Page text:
He invited me to write to him and gave me his address, not the address of his publisher in London but that of this beloved house where I still live. We wrote to each other for four years, and gradually our friendship deepened: my letters sustained him after the death of his wife in 1983, when he fell into a black spiral of depression that almost cost him his life. He was invited to act as technical adviser on the set of “The Bounty”, then filming in French Polynesia. He made the punishingly long flight to Papeete and, not liking the situation on set when he got there, recklessly flew home three days later. As a result, he developed a deep vein thrombosis, which became a pulmonary embolism. It could have killed him.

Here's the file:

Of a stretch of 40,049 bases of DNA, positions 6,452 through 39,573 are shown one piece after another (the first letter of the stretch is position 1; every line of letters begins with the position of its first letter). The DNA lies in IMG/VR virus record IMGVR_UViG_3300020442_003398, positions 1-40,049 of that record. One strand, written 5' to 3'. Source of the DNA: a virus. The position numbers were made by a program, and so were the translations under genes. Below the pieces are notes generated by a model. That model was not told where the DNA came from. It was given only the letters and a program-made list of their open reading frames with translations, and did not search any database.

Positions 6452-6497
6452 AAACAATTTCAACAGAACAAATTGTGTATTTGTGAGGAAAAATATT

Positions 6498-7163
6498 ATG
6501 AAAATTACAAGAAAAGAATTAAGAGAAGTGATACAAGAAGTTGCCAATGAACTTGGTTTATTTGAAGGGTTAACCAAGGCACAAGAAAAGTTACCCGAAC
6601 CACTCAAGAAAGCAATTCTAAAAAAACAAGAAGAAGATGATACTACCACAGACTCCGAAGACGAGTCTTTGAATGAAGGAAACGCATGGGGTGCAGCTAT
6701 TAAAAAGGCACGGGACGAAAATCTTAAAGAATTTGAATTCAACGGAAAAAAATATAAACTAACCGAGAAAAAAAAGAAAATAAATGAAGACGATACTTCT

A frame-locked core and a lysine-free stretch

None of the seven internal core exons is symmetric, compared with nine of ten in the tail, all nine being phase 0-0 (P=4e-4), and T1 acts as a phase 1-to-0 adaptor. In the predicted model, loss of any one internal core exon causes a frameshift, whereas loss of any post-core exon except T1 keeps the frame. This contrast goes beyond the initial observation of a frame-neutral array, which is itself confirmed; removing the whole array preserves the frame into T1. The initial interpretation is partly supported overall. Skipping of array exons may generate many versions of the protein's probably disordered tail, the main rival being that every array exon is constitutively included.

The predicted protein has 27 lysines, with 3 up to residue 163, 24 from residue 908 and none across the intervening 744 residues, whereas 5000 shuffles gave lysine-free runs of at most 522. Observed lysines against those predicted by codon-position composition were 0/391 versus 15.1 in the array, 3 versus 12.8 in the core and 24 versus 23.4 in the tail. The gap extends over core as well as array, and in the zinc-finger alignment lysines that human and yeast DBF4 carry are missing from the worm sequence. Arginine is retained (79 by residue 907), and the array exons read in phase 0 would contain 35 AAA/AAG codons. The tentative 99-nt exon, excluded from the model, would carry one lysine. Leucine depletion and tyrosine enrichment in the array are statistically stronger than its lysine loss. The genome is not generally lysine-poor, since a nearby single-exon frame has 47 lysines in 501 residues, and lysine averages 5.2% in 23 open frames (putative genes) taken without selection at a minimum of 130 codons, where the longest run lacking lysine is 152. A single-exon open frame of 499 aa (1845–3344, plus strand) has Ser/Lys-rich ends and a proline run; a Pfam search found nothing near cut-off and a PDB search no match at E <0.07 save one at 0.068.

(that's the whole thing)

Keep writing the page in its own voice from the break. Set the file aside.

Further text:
I knew. I don’t know how I knew, but I sensed very strongly that there was a crisis, and when his next letter arrived confirming what had happened I think I cried with relief. I was already keeping his letters under my pillow, and now they began to arrive with such frequency that the woodsy scent of the desk drawer in which he kept his stationery still clung to the pages.
On the evening of July 9th, 1984, four years after our first and only meeting, he walked across the lobby of the splendid old Royal York Hotel in Toronto and opened his arms to me. Later that evening, he asked me to marry him.
We were married in St. James’s Cathedral in downtown Toronto on Saturday, October 5th, 1985, and were inseparable for the rest of his life.